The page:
Zlotnick paid $13,000 for apartment 102. He testified he thought this enough, though he believed the apartment had two bedrooms, because it was on the ground floor near the service entrance, and noisy, and because it had rented for $30 or $35 a month less than other two-bedroom apartments.
The District Court found in substance that Broadmoor intended to sell to Zlotnick a one-bedroom apartment and Zlotnick intended to buy a two-bedroom apartment. The court concluded that this essential misunderstanding as to what was being bought and sold prevented any valid contract of sale from being made. The contract of sale, if any, was the deposit agreement. The court evidently thought that because of the unusual circumstances, the term “apartment 102” in the deposit agreement was ambiguous and might mean either (1) apartment 102 as it then was or (2) apartment 102 as (a) both parties knew it had been, (b) one and perhaps both of the parties knew it would be, and (c) a published prospectus and floor plan showed it would be; and that Zlotnick reasonably understood the term in the first sense and Broadmoor in the second. We do not think this view of the facts clearly erroneous. It supports the court’s conclusion. In law as elsewhere, what would be unambiguous in ordinary circumstances may be ambiguous in special circumstances. As Mr. Williston says: “If every word and every act had but one permissible meaning, it would never be necessary in considering the formation of contracts to inquire into the intent of a speaker or actor; but since this is not the case, if an expression, in view of the circumstances under which it was used, may fairly mean either of two things, each party is at liberty to attach his own meaning * * *.” Williston, Contracts (1936 ed.) § 95.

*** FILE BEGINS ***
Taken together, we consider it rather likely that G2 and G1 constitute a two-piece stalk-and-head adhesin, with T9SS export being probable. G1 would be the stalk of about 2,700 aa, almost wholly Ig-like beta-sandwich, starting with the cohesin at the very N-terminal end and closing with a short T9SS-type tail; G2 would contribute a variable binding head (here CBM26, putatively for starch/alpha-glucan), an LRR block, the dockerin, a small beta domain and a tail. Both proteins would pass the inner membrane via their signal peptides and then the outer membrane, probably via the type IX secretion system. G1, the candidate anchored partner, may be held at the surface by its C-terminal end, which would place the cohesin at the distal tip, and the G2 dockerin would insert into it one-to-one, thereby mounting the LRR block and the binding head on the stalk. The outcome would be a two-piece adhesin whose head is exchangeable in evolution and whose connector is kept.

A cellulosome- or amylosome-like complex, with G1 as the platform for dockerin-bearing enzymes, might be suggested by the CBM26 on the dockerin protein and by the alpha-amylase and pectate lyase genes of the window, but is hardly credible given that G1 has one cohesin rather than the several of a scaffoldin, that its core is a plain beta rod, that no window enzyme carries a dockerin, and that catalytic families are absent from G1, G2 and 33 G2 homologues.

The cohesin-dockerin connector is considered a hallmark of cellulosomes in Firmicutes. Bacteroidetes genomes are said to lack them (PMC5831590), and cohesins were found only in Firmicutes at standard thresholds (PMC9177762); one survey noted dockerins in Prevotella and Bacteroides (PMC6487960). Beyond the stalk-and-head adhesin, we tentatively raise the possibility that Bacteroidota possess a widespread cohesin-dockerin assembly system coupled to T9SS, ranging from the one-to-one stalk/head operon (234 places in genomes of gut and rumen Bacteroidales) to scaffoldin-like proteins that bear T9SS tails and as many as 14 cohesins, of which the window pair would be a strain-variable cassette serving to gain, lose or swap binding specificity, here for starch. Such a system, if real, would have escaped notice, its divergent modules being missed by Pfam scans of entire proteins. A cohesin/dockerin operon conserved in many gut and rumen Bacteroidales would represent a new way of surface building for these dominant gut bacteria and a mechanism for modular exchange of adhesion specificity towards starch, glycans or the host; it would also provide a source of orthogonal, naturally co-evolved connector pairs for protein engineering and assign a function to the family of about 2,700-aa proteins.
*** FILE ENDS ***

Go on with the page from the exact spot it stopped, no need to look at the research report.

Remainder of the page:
Since the sale of apartment 102 to Zlotnick failed it follows, as the court found, that Crisp became the owner of the
disputed bedroom and was entitled to its possession. The District of Columbia Emergency Rent Act authorizes a landlord to recover possession for his immediate personal use and occupancy. D.C. Code (1940) Supp. VII, § 45 — 1605(b)(2).
The court held Zlotnick responsible for the full rent of apartment 102, with credit for certain payments made by him, “until the date of surrender of possession of said apartment * * *.” We think he should have been required to pay the full rent only until he surrendered either the apartment or, the disputed room. If he occupied what was left of the apartment after surrendering this room, the rent should be determined in accordance with law.
Modified and affirmed.
PRETTYMAN, Circuit Judge (dissenting).